Unturned Update Notes

Update Notes





Spawn Assets

TL;DR: Workshop mod creators can set up their content to automatically start spawning on official maps. For example a pack that adds some rare guns could start spawning in the spec ops weaponry table. Map creators can also opt into this system which means that when new content is added to the game it will spawn on their maps.

I’ve been very excited about adding these new features for ages now and can’t wait to see what you do with them! There are three main parts, so feel free to read them all or whatever is relevant to you.


To get your custom content spawning you’ll need to set up a spawn table for it. I’d recommend creating one table as a buffer/proxy which generates the root spawner which generates each rarity of item which then actually spawn the items. In order to allow further extension on these spawners the minimum weight should be around 10, and the proxy spawner should be higher maybe around 100. Once your spawner is set up you can find any appropriate map spawners to assign as roots.

Spawn Tables:

These are a new asset type which represent the chances of getting an item/vehicle/animal. They follow this format when creating the asset:

Type Spawn
ID # // 1-1000 are reserved

Roots # // Parent count
Root_#Spawn_ID // Spawner to set as parent
#_Weight // Weight in the parent spawner

Tables # // Child count
Table_#Asset_ID // Item/vehicle/animal ID to spawn
#Spawn_ID // If no assetID is set, spawn this spawner
#_Weight // Weight of this child

Roots are the spawners that your spawner will attach itself to. If this is a spawner for a map you probably won’t use this, but for a mod they can be used to extend existing spawn tables. Tables are the things that will get spawned by your spawner. A spawner at the bottom of the chain will be entirely assetIDs, whereas one near the top will likely be entirely spawnIDs.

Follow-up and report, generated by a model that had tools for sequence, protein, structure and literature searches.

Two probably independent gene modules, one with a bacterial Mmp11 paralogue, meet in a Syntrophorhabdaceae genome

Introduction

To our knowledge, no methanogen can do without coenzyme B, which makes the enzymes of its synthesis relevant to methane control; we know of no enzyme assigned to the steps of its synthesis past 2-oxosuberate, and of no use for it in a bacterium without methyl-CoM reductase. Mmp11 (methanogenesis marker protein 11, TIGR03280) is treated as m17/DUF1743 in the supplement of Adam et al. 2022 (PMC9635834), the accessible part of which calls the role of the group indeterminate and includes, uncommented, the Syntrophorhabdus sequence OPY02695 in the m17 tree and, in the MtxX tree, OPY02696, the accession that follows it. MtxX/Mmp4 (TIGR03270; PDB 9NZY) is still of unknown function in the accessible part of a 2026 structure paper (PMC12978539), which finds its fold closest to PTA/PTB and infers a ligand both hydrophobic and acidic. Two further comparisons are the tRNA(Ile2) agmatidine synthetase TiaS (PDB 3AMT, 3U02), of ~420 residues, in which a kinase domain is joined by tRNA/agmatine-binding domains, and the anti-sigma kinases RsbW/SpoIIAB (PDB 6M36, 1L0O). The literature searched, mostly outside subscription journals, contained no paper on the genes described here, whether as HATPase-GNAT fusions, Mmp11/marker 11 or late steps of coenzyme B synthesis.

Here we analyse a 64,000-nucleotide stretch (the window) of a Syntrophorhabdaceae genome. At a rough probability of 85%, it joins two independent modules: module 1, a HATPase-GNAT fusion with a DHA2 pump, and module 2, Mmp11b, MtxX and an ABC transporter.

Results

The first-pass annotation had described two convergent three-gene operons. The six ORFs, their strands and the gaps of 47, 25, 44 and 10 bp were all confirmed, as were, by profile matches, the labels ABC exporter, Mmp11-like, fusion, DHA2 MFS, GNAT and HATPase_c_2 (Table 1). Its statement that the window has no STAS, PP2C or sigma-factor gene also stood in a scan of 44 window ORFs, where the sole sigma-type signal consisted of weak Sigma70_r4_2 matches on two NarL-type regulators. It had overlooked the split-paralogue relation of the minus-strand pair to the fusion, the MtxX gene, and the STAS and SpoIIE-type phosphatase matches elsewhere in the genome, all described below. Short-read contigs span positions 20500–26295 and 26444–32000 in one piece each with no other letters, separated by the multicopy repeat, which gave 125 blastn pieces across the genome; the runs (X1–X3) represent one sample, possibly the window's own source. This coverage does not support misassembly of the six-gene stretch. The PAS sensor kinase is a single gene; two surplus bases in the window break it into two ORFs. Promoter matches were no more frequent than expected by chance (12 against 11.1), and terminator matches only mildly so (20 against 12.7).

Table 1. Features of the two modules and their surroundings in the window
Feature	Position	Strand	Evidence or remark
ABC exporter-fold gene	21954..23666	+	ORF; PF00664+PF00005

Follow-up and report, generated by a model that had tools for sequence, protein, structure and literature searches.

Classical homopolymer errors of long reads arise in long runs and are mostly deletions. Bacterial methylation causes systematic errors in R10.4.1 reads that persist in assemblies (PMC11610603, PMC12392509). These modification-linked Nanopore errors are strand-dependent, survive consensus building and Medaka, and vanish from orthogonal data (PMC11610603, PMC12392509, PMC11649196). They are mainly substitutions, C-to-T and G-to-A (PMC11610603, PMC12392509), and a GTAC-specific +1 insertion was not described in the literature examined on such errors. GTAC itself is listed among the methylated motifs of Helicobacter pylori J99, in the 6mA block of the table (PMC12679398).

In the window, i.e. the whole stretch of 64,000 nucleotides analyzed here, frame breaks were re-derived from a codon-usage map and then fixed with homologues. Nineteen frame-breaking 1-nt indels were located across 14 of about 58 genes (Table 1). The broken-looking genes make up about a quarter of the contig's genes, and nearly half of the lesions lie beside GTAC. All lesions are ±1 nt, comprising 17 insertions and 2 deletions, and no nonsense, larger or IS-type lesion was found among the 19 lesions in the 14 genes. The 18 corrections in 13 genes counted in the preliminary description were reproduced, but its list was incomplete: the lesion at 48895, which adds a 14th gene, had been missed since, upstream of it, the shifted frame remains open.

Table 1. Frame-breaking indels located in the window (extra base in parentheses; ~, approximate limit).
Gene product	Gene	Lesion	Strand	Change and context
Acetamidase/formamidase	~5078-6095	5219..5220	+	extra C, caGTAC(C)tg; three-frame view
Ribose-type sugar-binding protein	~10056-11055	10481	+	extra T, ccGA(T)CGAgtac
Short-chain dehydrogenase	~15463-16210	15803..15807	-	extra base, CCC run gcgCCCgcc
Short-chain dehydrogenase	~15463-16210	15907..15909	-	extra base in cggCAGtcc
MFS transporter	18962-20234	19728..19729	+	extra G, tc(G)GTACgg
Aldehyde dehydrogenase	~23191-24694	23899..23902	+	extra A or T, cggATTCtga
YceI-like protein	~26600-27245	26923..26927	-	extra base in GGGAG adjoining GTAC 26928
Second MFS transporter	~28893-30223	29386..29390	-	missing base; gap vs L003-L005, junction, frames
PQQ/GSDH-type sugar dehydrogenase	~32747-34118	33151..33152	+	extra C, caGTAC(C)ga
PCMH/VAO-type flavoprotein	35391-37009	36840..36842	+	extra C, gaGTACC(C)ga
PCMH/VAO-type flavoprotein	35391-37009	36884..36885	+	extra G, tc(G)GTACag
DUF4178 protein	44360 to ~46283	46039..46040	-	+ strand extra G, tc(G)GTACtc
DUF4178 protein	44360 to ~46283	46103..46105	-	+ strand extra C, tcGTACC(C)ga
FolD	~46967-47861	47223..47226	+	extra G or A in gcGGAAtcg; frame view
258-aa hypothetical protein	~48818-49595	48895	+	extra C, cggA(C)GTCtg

Tip: You can debug any spawner by using the new Spawns tool on the main menu under Workshop which lets you enter a spawnID to view what it generates, what generates it and the chances of each. By clicking on the parent/child spawners you can navigate up and down the tree. For example viewing ID 112 in item mode will show you what the chances of getting flares are.


For the most part just using the legacy spawning system is probably fine for your map. If you would like to get the advantages mentioned above, however, it is fairly straightforward to upgrade your map and I’ve spent a good amount of time making the tools easy to do most of the work for you.

The first important thing is to rename any tables that shouldn’t use existing ones. For example if your table is called “Fire” it will find the existing fire fighter spawn table and use it instead. Any tiers that just spawn variants of an item, like flares, will find the spawner generating them and use it. When you’re ready you can enter a starting ID above 1000 and export legacy tables. These files will appear in your level folder and will also create an IDs.csv spreadsheet so that you can keep track of what’s what. If you are making a new map and want to set up the table names and proxies quickly you can use the export proxy tables button.

Tip: You can now include assets for a specific map by putting them in a folder named “Bundles”. The primary use for this is including spawn table assets, but can also be used for custom files that won’t be part of a separate pack.

One of the other neat results is it’s starting to open up a path for accepting maps using this system into the official pool which I’m working toward as well.


There are no hash checks on the spawners because they are entirely server side, so you can easily modify them to add/remove/adjust your spawns.